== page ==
Tuesday, December 04, 2007


My post on Grasshopper's diet drew concern about Quorn, a laboratory produced mold that makes very tasty faux chicken, chicken nuggets, and meatballs. It is billed as akin to mushroom fungus, but is more like Miso, Tempeh, or certain cheeses that use fungus/molds to grow and/or ferment into themselves. The main concern over Quorn seems to be that a number of people in the US and Britain are very allergic to this mycoprotein. Lucky for everybody in our family, Grasshopper has no known allergies. But even though I had read about how Quorn is laboratory produced and not been bothered about it before, all the controversy Quorn sparked on the Raising a Vegetarian Baby post set me off thinking (that does happen, on occasion).

The highly processed nature of the product, and my desire to have this short cut, not to give up on a fast fix, reminds me about the troubles I have always had with plain vegetarianism or veganism: people use the words as synonyms for healthy eating, or for diets, but in many cases, I've known many (not all) vegetarians and vegans to be terrible, trashy eaters who happen not to eat meat products. They are more sucre-grainarians. In college the first move many of my vegetarian friends made was to find which Hostess products they could still stash away in some secret hiding place in their dorm rooms.

A major portion of the reason we eat 'green'...because vegetarian is vague and incomplete...is that we want to avoid eating processed junk, we want to put in foods low on the food chain high on our diet...which, aside from helping out our feathered and/or four footed friends, allows us to better avoid bioaccumulation of toxins etc. Part of doing this is at least trying to know what it is that makes it onto our plate.

Of course, like the last post I put up implies, it's very hard to know what's in or on our food. Raw almonds, for example, are no longer "raw" in the way the raw food eaters define raw. In being pasteurized things happen to the almonds. Similarly, I know that a lot happens to the dairy products my family eats before we eat them, even when I buy organic, and I'm not sure what exactly. I don't make all our own pasta or bread... I don't know how oil is pressed out of olives...I accept I am ignorant about the paths a lot of the food I eat followed to get to me.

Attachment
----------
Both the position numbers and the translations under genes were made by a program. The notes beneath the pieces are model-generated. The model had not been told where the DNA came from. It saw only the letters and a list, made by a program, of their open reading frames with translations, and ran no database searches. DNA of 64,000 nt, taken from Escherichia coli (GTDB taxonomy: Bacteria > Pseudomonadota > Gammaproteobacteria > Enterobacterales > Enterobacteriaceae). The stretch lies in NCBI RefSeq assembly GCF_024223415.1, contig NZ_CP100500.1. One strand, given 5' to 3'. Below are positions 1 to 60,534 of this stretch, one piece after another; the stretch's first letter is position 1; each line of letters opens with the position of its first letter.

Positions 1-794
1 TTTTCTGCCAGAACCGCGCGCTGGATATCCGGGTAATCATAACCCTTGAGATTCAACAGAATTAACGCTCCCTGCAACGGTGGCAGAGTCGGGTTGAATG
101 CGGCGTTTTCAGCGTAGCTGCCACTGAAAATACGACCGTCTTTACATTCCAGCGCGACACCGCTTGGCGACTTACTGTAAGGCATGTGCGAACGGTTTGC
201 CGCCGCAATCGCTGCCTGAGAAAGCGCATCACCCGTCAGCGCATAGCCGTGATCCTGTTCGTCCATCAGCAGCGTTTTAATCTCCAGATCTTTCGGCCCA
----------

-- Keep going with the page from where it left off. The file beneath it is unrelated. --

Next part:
Still, I believe in digging your heels in, wherever you are, and refusing to slide any further down whatever slippery slope you're navigating. I don't over-worry about not knowing what's in everything...but I just make sure that the majority of what I cook or snack on is whole grains, legumes, greens, fruity, nuts, seeds, berries, and vegetables. Dairy, tofu, processed grains, and sauces entering our diet I monitor in amount and by the limited standards that do exist -- organic, dye-free, non-GMO, etc..

We have a neighbor child being raised vegan, though both her parents eat meat. Her parents we barely see, and they seem nice, are great to Grasshopper, and their girl is a great kid. But her diet seems to consist of fake cheese, soy milk, and grains.

It seems a good example to think about how hard it is leaving meat and dairy. All these McVegan products exist because people miss what they had, they are nostalgic for what they grew up with. Our neighbors eat meat and believe, maybe, it is better not to, and maybe they themselves just can't give it up and want to somehow shield their daughter from temptation: but the way they approach the issue is to literally replace meat. It seems well-intentioned, but dangerously McVegan.